Autism is categorised as a developmental disorder and there are many misconceptions about what it means to be on the autism spectrum. Recent years have seen an increase in diagnoses and with it increased coverage in popular media as well as the news. Realistically the two probably feed each other as a greater awareness begets more requests for diagnosis. The question of whether the actual rate of incidence is growing is, like most areas in this subject, contentious. Despite what some groups would claim, that vaccinations, pollution or whatever is causing an epidemic of autism, there is evidence that shows a consistent level of incidence throughout the population for all age groups indicating no actual rise in the frequency of occurrence. As ever better research is required but even then the matter would probably not rest as opinion is often formed more by agenda than evidence.
For many people their perception of a person on the spectrum is a rocking
Dustin Hoffman type figure reciting names memorised from a telephone directory,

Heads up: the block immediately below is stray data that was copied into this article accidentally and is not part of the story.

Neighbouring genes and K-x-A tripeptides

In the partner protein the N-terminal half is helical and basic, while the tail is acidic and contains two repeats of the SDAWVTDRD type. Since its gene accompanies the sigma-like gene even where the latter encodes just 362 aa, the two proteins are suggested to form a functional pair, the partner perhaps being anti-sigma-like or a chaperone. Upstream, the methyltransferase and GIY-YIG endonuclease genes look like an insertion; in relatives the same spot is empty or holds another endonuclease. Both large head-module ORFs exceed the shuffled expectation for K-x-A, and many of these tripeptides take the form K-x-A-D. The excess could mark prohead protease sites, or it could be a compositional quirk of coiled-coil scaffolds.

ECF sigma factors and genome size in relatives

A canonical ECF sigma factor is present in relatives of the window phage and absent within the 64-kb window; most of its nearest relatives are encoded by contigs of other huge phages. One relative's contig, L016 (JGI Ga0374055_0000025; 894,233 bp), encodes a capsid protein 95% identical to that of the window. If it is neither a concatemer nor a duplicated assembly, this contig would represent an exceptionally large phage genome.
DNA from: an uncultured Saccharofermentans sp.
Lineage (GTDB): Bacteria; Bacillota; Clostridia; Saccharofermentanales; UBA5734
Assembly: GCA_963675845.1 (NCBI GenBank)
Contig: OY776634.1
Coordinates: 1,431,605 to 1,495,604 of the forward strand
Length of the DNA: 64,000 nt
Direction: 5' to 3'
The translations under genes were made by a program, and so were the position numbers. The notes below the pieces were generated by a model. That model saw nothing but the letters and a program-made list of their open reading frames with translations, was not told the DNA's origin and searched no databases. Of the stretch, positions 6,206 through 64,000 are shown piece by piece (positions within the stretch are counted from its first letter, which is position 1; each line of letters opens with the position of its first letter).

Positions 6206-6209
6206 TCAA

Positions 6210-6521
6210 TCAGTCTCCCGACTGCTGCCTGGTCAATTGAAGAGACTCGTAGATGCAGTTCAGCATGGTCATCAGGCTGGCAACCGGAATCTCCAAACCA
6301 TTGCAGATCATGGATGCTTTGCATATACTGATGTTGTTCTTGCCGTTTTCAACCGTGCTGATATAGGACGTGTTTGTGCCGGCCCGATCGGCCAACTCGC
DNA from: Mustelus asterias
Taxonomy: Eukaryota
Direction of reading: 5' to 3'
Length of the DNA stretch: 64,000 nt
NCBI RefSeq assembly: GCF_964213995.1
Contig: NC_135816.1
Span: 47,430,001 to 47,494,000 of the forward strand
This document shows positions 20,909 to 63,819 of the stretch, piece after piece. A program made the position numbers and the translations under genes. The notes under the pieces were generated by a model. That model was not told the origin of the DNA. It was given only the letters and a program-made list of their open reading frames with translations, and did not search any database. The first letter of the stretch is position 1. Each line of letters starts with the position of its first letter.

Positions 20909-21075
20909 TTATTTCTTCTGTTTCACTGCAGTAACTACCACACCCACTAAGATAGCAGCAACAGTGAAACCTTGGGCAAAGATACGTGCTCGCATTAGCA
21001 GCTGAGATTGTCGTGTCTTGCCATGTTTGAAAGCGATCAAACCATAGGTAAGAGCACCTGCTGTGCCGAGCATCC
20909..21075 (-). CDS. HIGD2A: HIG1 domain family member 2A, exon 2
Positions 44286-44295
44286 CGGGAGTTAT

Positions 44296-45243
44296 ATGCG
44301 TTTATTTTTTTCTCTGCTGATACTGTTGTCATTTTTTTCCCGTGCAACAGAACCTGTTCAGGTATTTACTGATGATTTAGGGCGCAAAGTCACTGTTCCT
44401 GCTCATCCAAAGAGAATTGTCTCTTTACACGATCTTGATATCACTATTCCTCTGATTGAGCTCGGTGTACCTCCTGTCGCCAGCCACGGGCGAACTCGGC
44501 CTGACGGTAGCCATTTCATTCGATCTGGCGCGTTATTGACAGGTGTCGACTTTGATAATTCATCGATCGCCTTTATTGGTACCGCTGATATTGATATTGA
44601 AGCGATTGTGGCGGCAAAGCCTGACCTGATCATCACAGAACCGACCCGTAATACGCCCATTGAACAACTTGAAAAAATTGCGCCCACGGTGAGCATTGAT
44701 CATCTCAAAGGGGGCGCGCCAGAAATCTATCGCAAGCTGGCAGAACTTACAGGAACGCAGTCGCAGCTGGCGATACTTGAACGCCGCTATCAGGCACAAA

somebody that can read two books simultaneously or perform some other incredible
feat of mental gymnastics. But autism is a spectrum and viewers of the recent Louis Theroux documentary
will have seen that there are apparently vast differences between those
with nominally the same diagnosis. Although popular film and literary
depictions of people with autism concentrate on those with good cognitive functioning,
a huge proportion never achieves verbal communication and many struggle with
interaction and communication at all.
Despite much research around genetic
indicators to determine the aetiology of autism, diagnosis is still based
upon observations and interviews around a triad of impairments. I use the
word impairment with some caution as it is a loaded term and one rejected by